Previously: Chasing Hours
Twice, there was an attempt to walk away from the project. The first was during the on-boarding process. I was the last among my batch to review the training materials for reasons of incompetence. The second was on the last leg of the training. The exercise required doing actual work, which I stalled for a day and a half thanks to laziness. If not for my superior, who kept track of my very slow progress, I would have slinked away and ditched the home-based job.
There was no commitment at the beginning. I was preoccupied with the new assignment at the office. I no longer know how to set some time for freelance work. Besides, there was already a sense of contentment when I made the cut. That it was enough. And when I learned that it takes some time to actually learn the job, and that writing summaries would take much of my time, I was in for a quick retreat.
I was willing to start over and bid for easier jobs on Elance.
For some reasons, I was able to pull myself together and actually write for my freelance work. Blame that overwhelming pressure as the culprit. As thoughts of extra income stirred me to spend, I became determined to make money through the only choice I have. I would write for the raket at work - sometimes even when the boss was around; at home - when not in slumber; I even squeezed doing freelancing instead of working out at the gym.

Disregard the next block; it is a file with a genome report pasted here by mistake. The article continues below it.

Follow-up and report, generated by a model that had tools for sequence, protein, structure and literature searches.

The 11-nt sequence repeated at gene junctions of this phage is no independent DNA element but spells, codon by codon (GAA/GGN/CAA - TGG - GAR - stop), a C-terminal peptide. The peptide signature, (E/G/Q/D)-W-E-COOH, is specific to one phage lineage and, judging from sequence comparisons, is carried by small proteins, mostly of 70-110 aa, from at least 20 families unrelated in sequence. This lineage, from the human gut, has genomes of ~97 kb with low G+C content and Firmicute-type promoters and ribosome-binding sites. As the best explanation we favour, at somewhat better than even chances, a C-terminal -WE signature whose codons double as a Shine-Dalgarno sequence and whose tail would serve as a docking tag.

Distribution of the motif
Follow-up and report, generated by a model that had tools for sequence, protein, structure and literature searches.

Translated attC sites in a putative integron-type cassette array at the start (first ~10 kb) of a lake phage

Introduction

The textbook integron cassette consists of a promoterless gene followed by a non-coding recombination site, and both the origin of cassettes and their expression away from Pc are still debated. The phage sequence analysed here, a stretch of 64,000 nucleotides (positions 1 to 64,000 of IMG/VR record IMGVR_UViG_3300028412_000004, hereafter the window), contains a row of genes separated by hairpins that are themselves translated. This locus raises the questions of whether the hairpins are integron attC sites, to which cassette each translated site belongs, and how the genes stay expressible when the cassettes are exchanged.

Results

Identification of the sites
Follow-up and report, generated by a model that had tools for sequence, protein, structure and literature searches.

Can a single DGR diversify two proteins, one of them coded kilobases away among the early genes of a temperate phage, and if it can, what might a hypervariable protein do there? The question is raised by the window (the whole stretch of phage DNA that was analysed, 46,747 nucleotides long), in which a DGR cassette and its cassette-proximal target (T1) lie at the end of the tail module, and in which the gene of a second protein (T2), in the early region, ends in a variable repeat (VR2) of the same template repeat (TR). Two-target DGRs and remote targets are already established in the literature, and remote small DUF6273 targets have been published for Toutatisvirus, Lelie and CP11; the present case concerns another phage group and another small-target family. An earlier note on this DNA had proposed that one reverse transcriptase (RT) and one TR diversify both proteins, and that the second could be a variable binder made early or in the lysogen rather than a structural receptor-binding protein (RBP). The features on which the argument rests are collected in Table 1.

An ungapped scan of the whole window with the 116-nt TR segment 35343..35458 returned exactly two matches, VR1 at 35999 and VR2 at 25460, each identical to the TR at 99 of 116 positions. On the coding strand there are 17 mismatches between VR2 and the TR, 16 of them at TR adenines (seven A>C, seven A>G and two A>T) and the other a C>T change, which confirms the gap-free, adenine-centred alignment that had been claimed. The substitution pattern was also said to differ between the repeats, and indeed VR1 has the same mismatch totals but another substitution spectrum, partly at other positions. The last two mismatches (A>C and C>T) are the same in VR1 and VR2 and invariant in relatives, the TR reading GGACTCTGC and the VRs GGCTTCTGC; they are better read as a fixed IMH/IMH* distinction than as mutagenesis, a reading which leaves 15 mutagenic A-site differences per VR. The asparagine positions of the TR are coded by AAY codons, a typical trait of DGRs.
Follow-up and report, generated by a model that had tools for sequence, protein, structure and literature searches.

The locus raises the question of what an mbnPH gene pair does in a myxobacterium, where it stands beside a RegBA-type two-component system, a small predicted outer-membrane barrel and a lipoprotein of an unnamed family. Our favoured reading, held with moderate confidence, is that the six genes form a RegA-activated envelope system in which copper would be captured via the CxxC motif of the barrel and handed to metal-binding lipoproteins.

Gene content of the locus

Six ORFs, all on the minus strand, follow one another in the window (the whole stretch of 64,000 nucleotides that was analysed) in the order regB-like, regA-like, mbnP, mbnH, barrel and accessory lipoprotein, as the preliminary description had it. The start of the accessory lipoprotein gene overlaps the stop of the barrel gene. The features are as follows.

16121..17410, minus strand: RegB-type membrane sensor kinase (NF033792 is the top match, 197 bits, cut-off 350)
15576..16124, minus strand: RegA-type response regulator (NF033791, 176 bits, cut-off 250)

It was hard work.
And I paid the price.
It became a source of malaise. I was down with a flu for a week and yet I went on writing between the self-imposed breaks. It sowed discord between my manager and a staffing agency at Odesk, when I learned that my earnings were coursed through a third party without my knowledge. As a result, my work was unpaid for weeks because of the delay in refunds. And when I asked the company - the provider of the sideline I do today - if they accept subcontractor arrangements, I was confronted by the same manager to demand explanation.
Because all I wanted really is to bring some of my colleagues at the office aboard.
All of these happened in the course of a single month: A midsummer, when I let the days roll by without having a recollection of how the hours were spent; a moment, when my very identity was consumed by my single-minded desperation to earn. There were times it felt I was selling my soul for material comforts, but then, given the need to spur my cash reserves, I had to force myself to believe that therein lies my sweet spot.
That no matter the sacrifices, the chance to a better future is laid upon me.
It's been a month since I halfheartedly decided to rely on Raket Science to keep my finances afloat, and despite the setbacks and the heartaches - the guilt of giving up so much just for this one shot to a bountiful life, I would have to say my choice has paid off.
I've already recovered the savings I had lost.